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11 March 2022

#ScotAppWeek22 Blog: Joe Pacitti

Apprenticeships Scottish Apprenticeship Advisory Board (SAAB) STEM Work-based learning

OK, I have not decided to become a travel blog writer, sharing my views on creative ways to visit other parts of the word.

However, I wanted to stress the important point of reminding many of the young people who will set out on their journey into work, that there are choices and options for them which can often lead to the same point.

The message that there are alternatives routes to a future career, either with school to higher education or an apprenticeship route, is becoming increasingly recognised.

I suspect we cannot relax and need to ensure that we continue to share this view and message, so the importance of the work of organisations such as Skills Development Scotland have never been more important, in my view.

The focus on this message with Scottish Apprenticeship Week 2022 (7-11 March, #ScotAppWeek22) provides an excellent and much appreciated boost.

In the sectors where I am emersed, engineering and manufacturing, I have seen the evidence that those who chose the apprenticeship route and those who chose the higher education route, often arrive at similar points in their career in years to come. And these two sectors are not alone in this.

Joe Pacitti 5

Creating successful career outcomes

As a member of the Scottish Apprenticeship Advisory Board, a group of industry leaders and experts across all sizes and sectors of organisations, the message I hear from employers is the same – there is simply no comparison with people developed through the apprenticeship and work-based learning route.

I think this is a crucial point to labour. I don’t think using the term ‘alternative routes’ to the same destination is correct – it is a little too separatist. Which is why ‘multiple routes’ sits better with my own thinking. This makes me want to highlight another point regarding the importance of promoting these multiple routes for the future generation, because an apprenticeship provides at least equal success in career outcomes and not just long-term but in the medium and short-term too.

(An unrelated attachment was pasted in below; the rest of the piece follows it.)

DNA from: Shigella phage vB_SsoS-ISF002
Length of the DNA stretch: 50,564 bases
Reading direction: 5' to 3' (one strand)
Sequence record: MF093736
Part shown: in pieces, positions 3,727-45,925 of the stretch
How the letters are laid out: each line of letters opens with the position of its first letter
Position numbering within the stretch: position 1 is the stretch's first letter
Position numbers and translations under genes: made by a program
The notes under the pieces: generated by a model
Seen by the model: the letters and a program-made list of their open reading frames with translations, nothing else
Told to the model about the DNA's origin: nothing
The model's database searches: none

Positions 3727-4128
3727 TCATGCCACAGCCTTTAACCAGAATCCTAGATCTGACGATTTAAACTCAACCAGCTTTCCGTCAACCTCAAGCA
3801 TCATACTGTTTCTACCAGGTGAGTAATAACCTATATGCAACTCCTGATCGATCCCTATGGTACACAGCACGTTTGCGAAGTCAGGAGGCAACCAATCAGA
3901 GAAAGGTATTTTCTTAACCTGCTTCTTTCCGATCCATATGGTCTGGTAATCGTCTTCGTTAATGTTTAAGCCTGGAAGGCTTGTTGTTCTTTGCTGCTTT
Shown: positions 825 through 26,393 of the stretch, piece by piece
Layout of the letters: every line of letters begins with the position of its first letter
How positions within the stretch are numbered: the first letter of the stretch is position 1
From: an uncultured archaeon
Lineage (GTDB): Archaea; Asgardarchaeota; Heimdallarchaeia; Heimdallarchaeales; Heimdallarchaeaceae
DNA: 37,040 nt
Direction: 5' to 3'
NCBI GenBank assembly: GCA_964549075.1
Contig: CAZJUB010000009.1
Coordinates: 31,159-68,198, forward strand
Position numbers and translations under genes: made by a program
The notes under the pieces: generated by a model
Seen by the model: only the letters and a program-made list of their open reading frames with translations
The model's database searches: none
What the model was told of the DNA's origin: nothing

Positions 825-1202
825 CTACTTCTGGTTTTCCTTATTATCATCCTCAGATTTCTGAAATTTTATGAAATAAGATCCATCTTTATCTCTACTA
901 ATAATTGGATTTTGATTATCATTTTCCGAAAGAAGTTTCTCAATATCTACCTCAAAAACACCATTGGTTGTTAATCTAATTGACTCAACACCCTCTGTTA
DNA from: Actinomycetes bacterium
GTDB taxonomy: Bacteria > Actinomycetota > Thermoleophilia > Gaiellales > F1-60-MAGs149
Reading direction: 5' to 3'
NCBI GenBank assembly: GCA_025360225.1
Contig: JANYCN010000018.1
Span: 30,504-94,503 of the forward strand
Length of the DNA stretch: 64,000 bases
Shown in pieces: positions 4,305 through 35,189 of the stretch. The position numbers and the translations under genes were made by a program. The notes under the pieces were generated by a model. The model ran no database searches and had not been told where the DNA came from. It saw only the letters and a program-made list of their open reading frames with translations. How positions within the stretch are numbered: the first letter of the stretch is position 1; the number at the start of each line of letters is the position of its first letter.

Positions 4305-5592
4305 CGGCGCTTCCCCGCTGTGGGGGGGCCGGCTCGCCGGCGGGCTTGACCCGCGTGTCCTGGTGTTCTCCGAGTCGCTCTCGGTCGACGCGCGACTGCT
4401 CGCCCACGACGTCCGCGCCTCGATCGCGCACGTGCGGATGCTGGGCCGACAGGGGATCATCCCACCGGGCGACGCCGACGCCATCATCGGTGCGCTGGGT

I am sure that many of the stories that will be shared across the #ScotAppWeek22 will highlight this and will touch on the attractiveness of different learning approaches as well different financial implications, such as the ability to earn while you learn in an apprenticeship, but with a common goal of helping the individual and the company reach mutual benefit of developing talent, which reflects a more diverse population.

Managing pace of change

Of course, the engineering sector has long embraced apprenticeships and, if you can excuse the pun, many of the organisations have a relatively well-oiled process for managing their future talent. 

I should counter that pun by saying that engineering and manufacturing is not all oil and grease – far from it. Modern, clean environments and the increasing disciplines of digital future mean the world has changed for this sector and will continue to do so, with increasing pace.

One of the reasons that companies need to encourage new talent from all avenues and paths is because of the pace of change.